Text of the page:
David Bowie asked MTV host Mark Goodman in 1983 about the cable channel refusing to air videos of Black artists during the day.
Editor's note: This article was originally published on December 30, 2021. It has since been updated.
Music icon David Bowie called out MTV for not featuring Black artists during prime hours in the 1980s and the old clip is doing the rounds of the internet, reminding us how little has changed since. Bowie was always ahead of his time but this particular video highlighted how his stance wasn't dictated by society's moral compass but rather his own. Racial bias was strong in the music industry in the 1980s and Bowie, a legendary musician, calling out MTV was a pretty big deal, reported Comicsands. The old clips resurfaced in the wake of discussions surrounding critical race theory, a deep study of racism and its continued systemic effects in America. Critical race theory is now being used as a bogeyman to scare conservatives, especially when you consider many parents protesting CRT at school board meetings aren't even aware that CRT isn't taught in those schools.
Bowie's old clip is making rounds on the internet, with many expressing great respect for the late musician. MTV was accused of not playing music videos from Black artists except late at night. This was despite the massive popularity of Black artists such as Michael Jackson, Prince, and Run-DMC among others. Bowie brought it up during an interview with the cable channel and certainly didn't let it pass without seeking a proper explanation for the same. “I’m just floored by the fact that there are so few Black artists featured [on MTV]. Why is that?” Bowie asked MTV host Mark Goodman in 1983. Goodman tries to salvage the 'situation' by claiming that the channel was moving in that direction. "We want to play artists that seem to be doing music that fits into what we want to play for MTV. The company's thinking in terms of narrowcasting," he said.
Watching the Nikole Hannah-Jones/Chuck Todd interview it’s impossible to not think about the 1993 David Bowie/Mark Goodman MTV interview.— Rex Chapman🏇🏼 (@RexChapman) December 26, 2021
Same thing almost 30-years later. Why is it always “what’s acceptable to white people”?? pic.twitter.com/kWx4UxVwqu https://t.co/AORIwZNDzJ
Bowie said he had seen really good music videos made by Black artists on a Black station (believed to be BET) and wondered why they never featured on MTV. Goodman reveals that geography plays a role in deciding the programming and thus sugar-coating racism. “We have to try and do what we think not only New York and Los Angeles will appreciate, but also Poughkeepsie or the Midwest, pick some town in the Midwest that would be scared to death by Prince, which we’re playing, or a string of other black faces. We have to play the type of music the entire country would like.”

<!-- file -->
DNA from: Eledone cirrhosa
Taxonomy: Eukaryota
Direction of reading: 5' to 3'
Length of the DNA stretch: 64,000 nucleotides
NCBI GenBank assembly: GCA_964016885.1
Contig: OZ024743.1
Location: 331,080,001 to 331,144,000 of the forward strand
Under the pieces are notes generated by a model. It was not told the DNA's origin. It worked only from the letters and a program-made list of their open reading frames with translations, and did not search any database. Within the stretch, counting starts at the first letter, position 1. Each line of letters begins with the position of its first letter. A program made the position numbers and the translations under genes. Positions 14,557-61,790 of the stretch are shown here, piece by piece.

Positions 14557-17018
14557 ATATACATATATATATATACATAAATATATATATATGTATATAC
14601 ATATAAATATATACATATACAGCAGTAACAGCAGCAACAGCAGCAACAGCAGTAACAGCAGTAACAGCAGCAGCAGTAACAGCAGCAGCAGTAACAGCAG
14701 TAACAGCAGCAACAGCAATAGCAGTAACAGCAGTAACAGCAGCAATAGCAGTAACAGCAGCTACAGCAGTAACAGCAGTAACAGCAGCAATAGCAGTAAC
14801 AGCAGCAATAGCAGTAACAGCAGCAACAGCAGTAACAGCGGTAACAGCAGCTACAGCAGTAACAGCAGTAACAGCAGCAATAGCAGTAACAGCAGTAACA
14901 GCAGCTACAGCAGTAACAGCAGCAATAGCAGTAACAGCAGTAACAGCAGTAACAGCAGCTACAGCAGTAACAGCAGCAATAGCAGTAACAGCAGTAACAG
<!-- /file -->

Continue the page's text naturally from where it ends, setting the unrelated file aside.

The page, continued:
A lotta people may NOT know that David Bowie put MTV on blast back in the day for NOT playin Black artists.. He side stepped the double talk… Bowie was a REAL ONE. 👊 https://t.co/c5ShmKgqN1— ICE T (@FINALLEVEL) December 26, 2021
Goodman went on to argue that teenagers of 1983 wouldn’t appreciate artists like the Isley Brothers. Bowie flipped it on Goodman and laid bare what he was covering up with wordplay. “I’ll tell you what, maybe, the Isley Brothers or Marvin Gaye means to a black 17-year-old,” said Bowie. “And surely he’s part of America as well." It brings to mind the protests that broke out across America after George Floyd, a Black man, was killed by cops. Isn't George Floyd a part of America? Rapper Ice-T shared the video and called Bowie a 'real one.'
It just so happened that it was also the year Michael Jackson released videos for “Thriller” and “Billie Jean,” turning him into one of the most famous faces of music in the whole world. The video was appreciated again after former NBA player and social media commentator Rex Chapman posted the video. Chapman posted it in the context of an interview Chuck Todd conducted with New York Times Magazine staff writer, Nicole Hannah-Jones. As they discussed race education in America, Hannah-Jones corrected Todd for referring to white parents as 'parents,' while specifying 'parents of color' for the rest. Todd admitted his mistake but it highlighted how media still plays its part in centering the world around white people.